He grabs on and holds it down.
I try again.
Daddy grips harder, determined not to prematurely give up his plate of birthday goodness from the Brix, his very favorite restaurant.
Although we are in the Napa celebrating Daddy’s 80th birthday and his hearing hasn’t improved any, he is as strong as ever, especially when it comes to defending his food. I’m glad we’re not having party games including an arm-wrestling contest.
Finally Daddy realizes that I am simply trying to place the birthday dessert—complete with candle—in front of him and he relents.
There are twenty-five of us here, all five of us kids, seven grandchildren, three cousins, one UNCLE, plus spouses. My brother and his wife have come from Michigan, one cousin from Texas, the UNCLE from Oklahoma. Another cousin and I have come from Southern California.
“This is a big year for us,” Daddy says in his little speech. “In January Shirley turned 80 and had a nice party. You are all here for my 80th. And on Christmas Day we celebrate our sixtieth wedding anniversary.”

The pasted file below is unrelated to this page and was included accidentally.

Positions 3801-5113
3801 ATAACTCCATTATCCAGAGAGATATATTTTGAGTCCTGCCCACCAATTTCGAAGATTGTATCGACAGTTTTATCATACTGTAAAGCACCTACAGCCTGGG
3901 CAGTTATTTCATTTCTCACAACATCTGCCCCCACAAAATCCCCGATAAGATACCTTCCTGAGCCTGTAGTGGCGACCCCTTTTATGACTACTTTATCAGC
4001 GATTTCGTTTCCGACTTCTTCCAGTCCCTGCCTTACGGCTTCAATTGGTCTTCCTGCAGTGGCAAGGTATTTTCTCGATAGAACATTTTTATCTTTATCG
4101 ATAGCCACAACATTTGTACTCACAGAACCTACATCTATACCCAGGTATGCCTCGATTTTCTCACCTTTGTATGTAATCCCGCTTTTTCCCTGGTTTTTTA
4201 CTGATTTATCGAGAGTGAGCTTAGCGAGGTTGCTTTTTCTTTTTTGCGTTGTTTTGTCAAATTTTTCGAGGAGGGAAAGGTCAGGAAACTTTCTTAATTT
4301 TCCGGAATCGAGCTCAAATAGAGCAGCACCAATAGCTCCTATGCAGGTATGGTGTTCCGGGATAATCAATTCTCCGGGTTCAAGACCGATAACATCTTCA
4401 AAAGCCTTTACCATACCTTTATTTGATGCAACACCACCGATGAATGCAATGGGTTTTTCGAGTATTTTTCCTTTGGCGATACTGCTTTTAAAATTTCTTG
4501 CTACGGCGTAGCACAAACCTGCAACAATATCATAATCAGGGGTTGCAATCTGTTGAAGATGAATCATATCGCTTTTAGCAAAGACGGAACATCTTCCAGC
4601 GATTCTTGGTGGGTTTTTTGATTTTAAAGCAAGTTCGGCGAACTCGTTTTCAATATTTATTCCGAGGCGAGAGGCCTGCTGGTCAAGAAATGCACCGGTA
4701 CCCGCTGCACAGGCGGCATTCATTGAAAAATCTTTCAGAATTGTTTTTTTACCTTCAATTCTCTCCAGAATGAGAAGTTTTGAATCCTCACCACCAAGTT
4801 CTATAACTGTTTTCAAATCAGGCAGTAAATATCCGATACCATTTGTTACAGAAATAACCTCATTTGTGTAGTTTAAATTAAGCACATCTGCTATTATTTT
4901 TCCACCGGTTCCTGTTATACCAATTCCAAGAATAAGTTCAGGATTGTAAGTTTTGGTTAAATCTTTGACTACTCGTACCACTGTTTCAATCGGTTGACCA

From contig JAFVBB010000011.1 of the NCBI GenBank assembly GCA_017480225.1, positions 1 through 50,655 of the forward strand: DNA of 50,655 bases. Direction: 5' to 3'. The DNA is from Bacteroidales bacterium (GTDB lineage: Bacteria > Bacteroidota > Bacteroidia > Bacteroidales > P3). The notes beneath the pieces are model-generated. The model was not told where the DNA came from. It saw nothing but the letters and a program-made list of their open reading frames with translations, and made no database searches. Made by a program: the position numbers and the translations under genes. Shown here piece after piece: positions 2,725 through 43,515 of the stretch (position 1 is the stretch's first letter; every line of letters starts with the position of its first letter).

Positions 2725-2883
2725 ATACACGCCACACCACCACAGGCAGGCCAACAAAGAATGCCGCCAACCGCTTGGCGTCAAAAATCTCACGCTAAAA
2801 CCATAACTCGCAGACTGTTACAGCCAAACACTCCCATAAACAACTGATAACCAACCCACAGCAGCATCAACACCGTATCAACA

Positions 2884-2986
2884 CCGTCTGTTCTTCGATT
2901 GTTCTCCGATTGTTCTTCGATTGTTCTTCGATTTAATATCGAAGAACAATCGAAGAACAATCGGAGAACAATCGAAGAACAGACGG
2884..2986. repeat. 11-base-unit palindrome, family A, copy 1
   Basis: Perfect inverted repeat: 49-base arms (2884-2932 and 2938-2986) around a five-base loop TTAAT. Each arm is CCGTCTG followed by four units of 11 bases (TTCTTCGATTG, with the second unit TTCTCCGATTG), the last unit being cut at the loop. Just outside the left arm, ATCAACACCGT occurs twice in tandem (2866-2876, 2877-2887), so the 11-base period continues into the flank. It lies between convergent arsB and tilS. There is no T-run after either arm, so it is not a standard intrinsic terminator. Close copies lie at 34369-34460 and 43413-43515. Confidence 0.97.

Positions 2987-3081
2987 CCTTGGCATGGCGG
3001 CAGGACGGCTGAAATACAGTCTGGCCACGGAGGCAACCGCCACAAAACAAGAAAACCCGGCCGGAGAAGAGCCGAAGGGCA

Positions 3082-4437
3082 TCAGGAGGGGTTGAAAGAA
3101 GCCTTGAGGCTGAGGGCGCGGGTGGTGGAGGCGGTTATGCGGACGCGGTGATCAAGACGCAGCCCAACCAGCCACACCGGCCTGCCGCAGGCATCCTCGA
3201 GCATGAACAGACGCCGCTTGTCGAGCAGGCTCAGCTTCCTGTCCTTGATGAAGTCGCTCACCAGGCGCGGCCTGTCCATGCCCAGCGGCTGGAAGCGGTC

Mama got her revamped wedding ring two days ago, and although she’d said she wasn’t going to wear it until the anniversary, If you had a new diamond ring wouldn’t you wear it to your husband’s birthday party?
We are clearly family. Although the restaurant doesn’t open until ten and a few have driven from Sacrament this morning, everyone arrives 15 minutes early. The “late” one is only ten minutes early. And there are cameras everywhere. Family resemblances compared, memories shared, good natured teasing and compliments galore. “It’s called the ‘oel bidness’”, John H. says of the petroleum business. My only problem is that I want to talk to everyone at once. To congratulate Prestin on the college scholarship, to catch up with Martha, who I haven’t seen in two years, to hear Glendale, 87, gush about how wonderful the flight was. He was going on so much, I asked, “You have been on a plane before haven’t you?” “To Florida, but not over the west.” Although Daddy had a strict ‘no gifts’ policy, he surely did not refuse the big bag of beautiful Oklahoma pecans—“the best pecans you’ll ever eat”—that Glendale had shelled himself.
We’re all in our Sunday best. Mama has a new pretty outfit. Good planning on Daddy’s part to schedule his birthday on a Sunday.
“And I want everyone here to promise that they will be here for my 90th!”